Oh my goodness! Well, it was a huge challenge because first of all: This movie has more primary characters than, I think, any other animated movie that Disney has made. There are 12 main characters just within the family, and we really get to know and love and understand them in a deep way. So first of all, we had to design them all, making sure that they all had really specific personalities and story arcs. Then animating them, making sure that their movements were distinctive, making sure we cast the right actors — I think we cast the best actors we possibly could have. Our cast is incredible.
Balancing all of those individual stories while making sure they were all distinct characters who each had a piece of the story to tell within 90 minutes was a challenge. But just based on how much people love Dolores and Camilo and Antonio, and all these characters that are wonderful and integral to the film, but that we don't spend the most time with — that's been really gratifying to me to see that pay off in that way.
Was there anything that changed a lot over the course of writing the movie — either in the story or characters — that surprised you?
The biggest example I can think of was that really early on in our development process, there was this idea that Julieta, Mirabel's mom, had purposefully made the choice to prevent Mirabel from getting a gift in order to shield her from all this family pressure, and it was a secret that came out at the end of the movie. And we were really invested in that idea for a long time, but as we continued to work on development, we realized that that was the magic-y solution to this problem of why Mirabel didn't get a gift. And sometimes things happen because they just happen, right? And that the more we continued to focus the story toward the family, toward the family dynamics, the more exciting it was.
I know there's a character named after your daughter, Cecilia, in the story. What did she think of that and what has her reaction been to this?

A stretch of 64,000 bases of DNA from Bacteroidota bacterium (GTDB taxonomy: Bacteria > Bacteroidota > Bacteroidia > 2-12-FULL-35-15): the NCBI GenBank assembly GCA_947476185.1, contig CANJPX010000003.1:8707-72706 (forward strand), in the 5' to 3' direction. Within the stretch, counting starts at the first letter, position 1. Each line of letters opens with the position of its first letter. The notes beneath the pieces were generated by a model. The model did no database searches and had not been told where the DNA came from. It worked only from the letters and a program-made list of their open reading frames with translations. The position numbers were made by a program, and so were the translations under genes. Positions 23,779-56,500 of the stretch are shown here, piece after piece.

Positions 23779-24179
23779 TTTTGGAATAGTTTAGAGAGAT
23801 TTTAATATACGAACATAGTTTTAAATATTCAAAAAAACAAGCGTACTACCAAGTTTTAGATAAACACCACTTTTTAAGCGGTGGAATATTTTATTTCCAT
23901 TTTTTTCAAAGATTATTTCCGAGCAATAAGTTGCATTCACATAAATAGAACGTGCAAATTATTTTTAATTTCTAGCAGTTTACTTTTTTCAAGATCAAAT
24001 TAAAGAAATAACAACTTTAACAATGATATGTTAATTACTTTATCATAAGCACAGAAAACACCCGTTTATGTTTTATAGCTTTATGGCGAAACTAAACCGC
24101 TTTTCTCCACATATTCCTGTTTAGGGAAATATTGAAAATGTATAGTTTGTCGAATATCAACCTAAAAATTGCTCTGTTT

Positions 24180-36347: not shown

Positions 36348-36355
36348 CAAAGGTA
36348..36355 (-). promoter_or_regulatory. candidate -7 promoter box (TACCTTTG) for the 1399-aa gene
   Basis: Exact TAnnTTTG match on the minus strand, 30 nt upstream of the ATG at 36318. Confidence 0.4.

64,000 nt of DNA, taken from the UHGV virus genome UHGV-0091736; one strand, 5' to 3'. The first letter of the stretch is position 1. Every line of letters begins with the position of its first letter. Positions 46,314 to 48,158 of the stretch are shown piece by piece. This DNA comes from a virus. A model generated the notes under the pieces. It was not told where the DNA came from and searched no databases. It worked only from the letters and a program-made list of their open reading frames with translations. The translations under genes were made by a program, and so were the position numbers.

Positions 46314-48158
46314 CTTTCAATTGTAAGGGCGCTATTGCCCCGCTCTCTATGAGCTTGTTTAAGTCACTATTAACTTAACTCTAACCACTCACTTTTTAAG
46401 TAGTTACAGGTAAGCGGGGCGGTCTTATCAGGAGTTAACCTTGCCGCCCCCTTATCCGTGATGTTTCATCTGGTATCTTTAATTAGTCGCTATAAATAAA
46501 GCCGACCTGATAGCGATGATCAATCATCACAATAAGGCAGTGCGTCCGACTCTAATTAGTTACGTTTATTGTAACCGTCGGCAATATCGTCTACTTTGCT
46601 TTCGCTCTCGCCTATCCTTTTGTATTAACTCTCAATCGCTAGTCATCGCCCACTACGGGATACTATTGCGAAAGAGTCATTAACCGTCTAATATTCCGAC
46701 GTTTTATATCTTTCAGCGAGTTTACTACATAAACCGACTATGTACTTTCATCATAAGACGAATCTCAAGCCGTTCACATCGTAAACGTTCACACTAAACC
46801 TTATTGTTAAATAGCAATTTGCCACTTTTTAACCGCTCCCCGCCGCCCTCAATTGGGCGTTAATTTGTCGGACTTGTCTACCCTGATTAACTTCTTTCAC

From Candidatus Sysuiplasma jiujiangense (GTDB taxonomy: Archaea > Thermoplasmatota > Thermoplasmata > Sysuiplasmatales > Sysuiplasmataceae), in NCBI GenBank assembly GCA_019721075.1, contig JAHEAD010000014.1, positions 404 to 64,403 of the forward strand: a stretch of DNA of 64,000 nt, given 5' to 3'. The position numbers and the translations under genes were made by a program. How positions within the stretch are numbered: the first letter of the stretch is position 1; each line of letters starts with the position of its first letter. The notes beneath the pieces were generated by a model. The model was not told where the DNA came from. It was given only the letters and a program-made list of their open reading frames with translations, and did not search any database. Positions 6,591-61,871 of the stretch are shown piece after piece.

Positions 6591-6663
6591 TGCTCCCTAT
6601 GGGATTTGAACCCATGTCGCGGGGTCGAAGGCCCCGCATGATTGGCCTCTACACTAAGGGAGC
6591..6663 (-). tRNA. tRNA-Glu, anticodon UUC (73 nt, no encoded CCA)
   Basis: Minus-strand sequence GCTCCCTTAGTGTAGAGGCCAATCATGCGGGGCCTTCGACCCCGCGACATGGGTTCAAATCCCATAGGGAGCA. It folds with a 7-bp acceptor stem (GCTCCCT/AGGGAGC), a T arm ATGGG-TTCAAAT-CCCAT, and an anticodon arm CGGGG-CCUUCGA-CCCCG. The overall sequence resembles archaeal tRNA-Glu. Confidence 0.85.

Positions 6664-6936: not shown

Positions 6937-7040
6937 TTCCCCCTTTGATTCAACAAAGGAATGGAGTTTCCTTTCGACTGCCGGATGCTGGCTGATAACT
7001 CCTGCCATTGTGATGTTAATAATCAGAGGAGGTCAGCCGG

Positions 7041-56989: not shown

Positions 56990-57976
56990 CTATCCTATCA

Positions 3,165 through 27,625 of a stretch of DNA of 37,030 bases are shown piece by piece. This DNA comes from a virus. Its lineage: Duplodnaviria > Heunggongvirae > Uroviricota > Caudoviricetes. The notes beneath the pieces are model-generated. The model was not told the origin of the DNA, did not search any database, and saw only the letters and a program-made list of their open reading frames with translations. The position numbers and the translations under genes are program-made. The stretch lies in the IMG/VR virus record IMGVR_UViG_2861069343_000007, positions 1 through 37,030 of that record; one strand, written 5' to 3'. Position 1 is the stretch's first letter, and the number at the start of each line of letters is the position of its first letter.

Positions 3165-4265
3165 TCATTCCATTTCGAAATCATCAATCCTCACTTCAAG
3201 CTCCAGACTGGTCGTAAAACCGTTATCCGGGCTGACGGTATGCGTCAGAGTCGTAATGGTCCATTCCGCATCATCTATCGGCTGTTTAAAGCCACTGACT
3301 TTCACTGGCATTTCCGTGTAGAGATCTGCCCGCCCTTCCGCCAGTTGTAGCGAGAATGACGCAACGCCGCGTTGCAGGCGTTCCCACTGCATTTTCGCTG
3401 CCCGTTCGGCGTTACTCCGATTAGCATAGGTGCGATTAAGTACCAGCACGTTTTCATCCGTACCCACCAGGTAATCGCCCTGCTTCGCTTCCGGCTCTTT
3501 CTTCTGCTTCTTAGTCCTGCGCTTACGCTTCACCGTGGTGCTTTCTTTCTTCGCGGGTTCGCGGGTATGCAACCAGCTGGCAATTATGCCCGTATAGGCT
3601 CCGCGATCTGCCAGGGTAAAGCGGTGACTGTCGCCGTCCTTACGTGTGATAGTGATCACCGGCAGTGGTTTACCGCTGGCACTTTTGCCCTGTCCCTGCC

Cecilia's about to turn 4 in about a month.
Oh, mazel tov, that’s such a good age.
Yeah. It's a great age. I think she kind of gets it. I remember when the trailer came out and the trailer mentioned Cecilia by name, she was, “Yeah, yeah, but I like the part with the little kid with the jaguar!” I was like, “OK…”
I knew it had potential to be something wonderful that would reach a lot of people, but the reaction has just totally blown the lid off of anything I thought was going to happen.
Maybe I’m reading too much into things, but you worked on The Haunting of Hill House on Netflix, which, like Encanto, is the story of a somewhat sentient, magical house and the people in it all have uncanny powers. I feel like I would be remiss not to ask if you'd reflected on that.
I love stories that use metaphor to really dig into human emotion. Houses can contain traumatic, scary, terrible memories that come to haunt us, or houses can be a reflection of the love and community of a family.
And so two different kinds of houses, obviously, with different secrets and different mysteries. But I do think it's reflective of those stories that I enjoy and I like to tell, which are character driven and grounded in relationships but then have a big fun, magical, or supernatural element to them.
And you cannot convince my 7-year-old daughter that the house is not inhabited by the ghost of Abuelo Pedro and abuelo and that's why it's magic.
Oh, I love that interpretation.
I do, too. It's the one outlandish Disney theory I'll get behind. Do you have a favorite character in the story who you either relate to or enjoyed writing?
From the very beginning, Mirabel was just always so close to my heart. I was like, “Oh, this awkward, lovable, enthusiastic 15-year-old, curly haired, glasses-wearing girl that I once was!” Mirabel was a sort of pathway into writing this story and creating this movie was a character that I've always been really drawn to. And then when Stephanie Beatriz came in and voiced her! Really, she took that character to just... an 11! She's amazing.
On top of being critically acclaimed, Encanto is tremendously popular, not just with children, but with fans of all ages. What has been your reaction to other people’s reactions?
It has been incredible, the reaction to this movie. I started working on this movie back in the fall of 2019. My daughter was 6 months old at the time and I knew it had potential to be something wonderful that would reach a lot of people, but the reaction has just totally blown the lid off of anything I thought was going to happen. It's been so wonderful. I get sent a lot of videos of kids dancing to the music from the movie and families watching it together. And it's incredibly joyful for me to see how much people have embraced it and taken it on!